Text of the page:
In response to “Builder faces charges” article in the Whig-Standard

Whig-Standard

In response to “Builder faces charges” article in the Whig-Standard

We as a Brokerage, would like to formally reply to the Whig-Standard article titled “Builder faces charges” written by Ian MacAlpine and published in the Kingston Whig-Standard,  on Tuesday, August 29, 2017.

 

  • The article prominently features Gordon Marantz, a neighbouring resident on the front cover. This individual has nothing to do with the development.

 

  • “The project’s sales centre located on the site was closed Monday…” The Sales Centre is closed every Monday, unless booked by appointment. The inference implies that the sales centre has shut down and this is false. The hours are Saturday and Sunday from 1:00 to 4:00 pm, as clearly posted on the photo of the sign displayed in the article.

 

  • The Whig-Standard was unable to reach the developer…” Ian MacAlpine confirmed that the Whig-Standard did not reach the developers directly as they apparently could not find a contact number. The developer was; however, contacted by CKWS TV and was more than pleased to respond.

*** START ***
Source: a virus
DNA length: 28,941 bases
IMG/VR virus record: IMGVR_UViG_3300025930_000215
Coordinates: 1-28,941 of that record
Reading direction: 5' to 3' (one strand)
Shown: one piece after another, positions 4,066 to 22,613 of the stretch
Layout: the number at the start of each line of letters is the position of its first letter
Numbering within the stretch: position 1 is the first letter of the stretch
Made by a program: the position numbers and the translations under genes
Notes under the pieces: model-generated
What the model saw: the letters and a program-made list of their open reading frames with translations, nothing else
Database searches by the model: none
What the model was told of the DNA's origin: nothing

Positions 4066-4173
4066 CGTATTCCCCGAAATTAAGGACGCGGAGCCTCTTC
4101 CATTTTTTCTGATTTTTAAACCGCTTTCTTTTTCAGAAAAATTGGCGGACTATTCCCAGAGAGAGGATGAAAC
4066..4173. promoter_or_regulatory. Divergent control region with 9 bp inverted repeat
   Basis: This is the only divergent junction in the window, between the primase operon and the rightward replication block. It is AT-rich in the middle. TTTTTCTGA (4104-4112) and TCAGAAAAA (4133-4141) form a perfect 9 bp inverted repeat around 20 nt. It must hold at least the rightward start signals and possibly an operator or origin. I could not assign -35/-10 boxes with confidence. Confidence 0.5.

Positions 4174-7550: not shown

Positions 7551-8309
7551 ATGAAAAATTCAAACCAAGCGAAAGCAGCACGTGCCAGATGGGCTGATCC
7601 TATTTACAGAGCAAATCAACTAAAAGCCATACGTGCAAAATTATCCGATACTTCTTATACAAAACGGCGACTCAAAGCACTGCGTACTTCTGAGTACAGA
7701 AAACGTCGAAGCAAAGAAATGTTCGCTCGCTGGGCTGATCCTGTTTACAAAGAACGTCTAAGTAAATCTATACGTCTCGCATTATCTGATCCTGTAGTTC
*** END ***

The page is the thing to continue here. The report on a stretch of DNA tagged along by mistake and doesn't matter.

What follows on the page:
• “There have also been issues with site plan approvals, various delays in getting the project going and the sturdiness of putting two large condominium towers on a pier built more than a hundred years ago.” To reference the pier sturdiness is irresponsible. The developer hired WSP Parsons Brinckerhoff – a highly respected engineering firm – to review the pier structure and is working together with an award winning architect in the design. The developer is just now finalizing the site plan application for submission and has met with the city. We asked Mr. MacAlpine the basis for this statement and have yet to receive a reply.

 

The Whig Standard has a history of covering new Kingston developments in a negative light. Developments of this stature require hundreds of thousands of dollars and countless hours in regards to soft costs, planning and development, research, reports and more. We can only wish that The Whig-Standard put more effort into covering a story like this.

 

To preview the Whig-Standard article referenced, click here.

 

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